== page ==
Winding Numbers on Discrete Surfaces
ACM Transactions on Graphics (SIGGRAPH 2023)
Nicole Feng Carnegie Mellon University
Mark Gillespie Carnegie Mellon University
Keenan Crane Carnegie Mellon University
In the plane, the winding number is the number of times a curve wraps around a given point. Winding numbers are a basic component of geometric algorithms such as point-in-polygon tests, and their generalization to data with noise or topological errors has proven valuable for geometry processing tasks ranging from surface reconstruction to mesh booleans. However, standard definitions do not immediately apply on surfaces, where not all curves bound regions. We develop a meaningful generalization, starting with the well-known relationship between winding numbers and harmonic functions. By processing the derivatives of such functions, we can robustly filter out components of the input that do not bound any region. Ultimately, our algorithm yields (i) a closed, completed version of the input curves, (ii) integer labels for regions that are meaningfully bounded by these curves, and (iii) the complementary curves that do not bound any region. The main computational cost is solving a standard Poisson equation, or for surfaces with nontrivial topology, a sparse linear program. We also introduce special basis functions to represent singularities that naturally occur at endpoints of open curves.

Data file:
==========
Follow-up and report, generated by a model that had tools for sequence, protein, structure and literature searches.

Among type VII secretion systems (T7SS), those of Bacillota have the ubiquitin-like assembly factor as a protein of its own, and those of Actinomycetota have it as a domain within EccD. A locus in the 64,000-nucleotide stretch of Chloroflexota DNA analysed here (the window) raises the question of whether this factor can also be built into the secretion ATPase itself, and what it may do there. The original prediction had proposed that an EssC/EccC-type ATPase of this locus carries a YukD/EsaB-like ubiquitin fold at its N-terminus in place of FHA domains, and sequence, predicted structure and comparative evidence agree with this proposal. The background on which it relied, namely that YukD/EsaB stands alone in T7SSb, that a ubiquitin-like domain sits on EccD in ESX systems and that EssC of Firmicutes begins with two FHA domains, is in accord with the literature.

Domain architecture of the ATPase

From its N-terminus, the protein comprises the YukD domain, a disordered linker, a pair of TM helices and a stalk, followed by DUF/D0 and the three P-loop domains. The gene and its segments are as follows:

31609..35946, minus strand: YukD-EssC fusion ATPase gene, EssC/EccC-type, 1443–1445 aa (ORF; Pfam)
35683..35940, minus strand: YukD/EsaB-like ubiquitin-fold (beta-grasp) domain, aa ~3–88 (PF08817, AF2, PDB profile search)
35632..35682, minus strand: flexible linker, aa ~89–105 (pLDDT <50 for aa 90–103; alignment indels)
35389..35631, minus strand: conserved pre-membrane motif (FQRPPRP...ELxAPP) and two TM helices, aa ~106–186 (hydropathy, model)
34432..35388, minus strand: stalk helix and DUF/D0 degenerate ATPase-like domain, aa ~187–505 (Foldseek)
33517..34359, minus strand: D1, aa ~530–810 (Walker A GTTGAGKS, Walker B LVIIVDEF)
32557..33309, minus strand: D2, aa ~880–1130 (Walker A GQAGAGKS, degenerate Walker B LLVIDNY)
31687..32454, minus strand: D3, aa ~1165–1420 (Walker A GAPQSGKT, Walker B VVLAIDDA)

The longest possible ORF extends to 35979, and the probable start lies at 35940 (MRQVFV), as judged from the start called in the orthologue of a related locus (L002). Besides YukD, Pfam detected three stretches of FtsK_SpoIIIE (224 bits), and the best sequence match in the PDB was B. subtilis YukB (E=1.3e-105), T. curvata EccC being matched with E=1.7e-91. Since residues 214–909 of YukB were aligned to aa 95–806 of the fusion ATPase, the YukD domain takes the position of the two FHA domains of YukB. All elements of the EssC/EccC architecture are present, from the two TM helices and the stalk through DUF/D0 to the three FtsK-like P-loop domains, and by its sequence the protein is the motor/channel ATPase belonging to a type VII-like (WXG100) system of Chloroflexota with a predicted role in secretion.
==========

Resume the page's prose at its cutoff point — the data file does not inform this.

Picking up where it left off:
This work was funded by an NSF CAREER Award (IIS 1943123), NSF Award IIS 2212290, a Packard Fellowship and gifts from Facebook Reality Labs, and Google, Inc.
@article{Feng:2023:WND, author = {Feng, Nicole and Gillespie, Mark and Crane, Keenan}, title = {Winding Numbers on Discrete Surfaces}, journal = {ACM Trans. Graph.}, volume = {42}, number = {4}, year = {2023}, publisher = {ACM}, address = {New York, NY, USA}, issn = {0730-0301}, url = {}, doi = {10.1145/3592401}, month = {jul}, articleno = {36}, }
Supplement: Perspectives on Winding Numbers

Nicole Feng has a list of detailed errata available on her website. The upshot is that after publication, we realized that you can approximate the solution to the linear program in our algorithm (left), resulting in a 100x speedup (right).

In addition, we realized that something went wrong when measuring runtime in the paper, and the correct runtimes are actually ~5x faster than those reported.